Kelsey, an ardent 2nd Amendment supporter, today filed a resolution aimed at upholding the rule of law and protecting the rights of Tennessee gun owners. The resolution recognizes the right of the people to keep and bear arms, and promises immediate legal action by the State of Tennessee should that right be infringed upon by the Federal government. “Senate Resolution 17 is the constitutional way to address executive orders and acts of Congress that attempt to violate the 2nd Amendment.” Based on the rule of law, this action takes our disputes to the courts.

“Two wrongs don’t make a right,” said Kelsey following today’s meeting. “The Constitution doesn’t let you force sheriff’s deputies, against their will, to shoot and kill federal authorities who are enforcing U.S. Supreme Court decisions.”

Senator Kelsey felt that supporting SB 250 would violate his oath to uphold the United States Constitution. Kelsey concluded by stating, “I will not violate my oath. I will stand by my oath, and I will stand by the United States Constitution.”

Categories
Press Releases

Beavers Congratulates Kelsey on Judiciary Committee Chair Appointment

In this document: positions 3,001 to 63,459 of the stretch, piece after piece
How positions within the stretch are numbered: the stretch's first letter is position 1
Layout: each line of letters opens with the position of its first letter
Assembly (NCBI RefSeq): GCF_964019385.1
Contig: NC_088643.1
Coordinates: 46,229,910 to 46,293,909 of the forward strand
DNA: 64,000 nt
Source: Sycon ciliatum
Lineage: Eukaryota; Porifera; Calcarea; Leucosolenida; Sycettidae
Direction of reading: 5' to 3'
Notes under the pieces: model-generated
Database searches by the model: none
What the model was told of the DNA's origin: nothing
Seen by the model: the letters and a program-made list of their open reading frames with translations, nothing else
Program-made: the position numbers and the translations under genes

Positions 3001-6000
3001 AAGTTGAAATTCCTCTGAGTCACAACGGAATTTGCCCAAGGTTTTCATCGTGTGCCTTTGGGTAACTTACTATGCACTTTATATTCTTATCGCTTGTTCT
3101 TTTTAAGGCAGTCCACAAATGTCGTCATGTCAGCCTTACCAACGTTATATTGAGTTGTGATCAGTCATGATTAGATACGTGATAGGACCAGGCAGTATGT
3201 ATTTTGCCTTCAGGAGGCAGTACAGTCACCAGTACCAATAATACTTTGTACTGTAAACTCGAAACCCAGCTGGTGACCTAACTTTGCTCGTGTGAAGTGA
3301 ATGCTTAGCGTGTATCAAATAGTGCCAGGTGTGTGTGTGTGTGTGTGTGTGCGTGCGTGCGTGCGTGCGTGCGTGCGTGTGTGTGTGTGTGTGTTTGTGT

Press release from State Senator Mae Beavers, R-Mt. Juliet; January 16, 2013:

(NASHVILLE TN), Wednesday, January 16, 2012 – Last week, State Sen. Mae Beavers (R – Mt. Juliet) congratulated her friend and colleague, Sen. Brian Kelsey (R – Germantown), on his recent appointment to chair the Senate Judiciary Committee. Senator Beavers also expressed gratitude for the honor of serving as chair of the distinguished committee for the past six years.

“I am very proud of the hard work that was exhibited by the committee members and the committee staff over the past six years,” said Sen. Beavers. “I took great pride in efficiently completing our committee work in a timely fashion, and was excited to lead the committee towards becoming the most technologically advanced committee in the legislature. Also, Im appreciative of my colleagues who consistently praised the great work that the committee produced, and I’m proud to have been one of the few women in leadership in the state legislature.”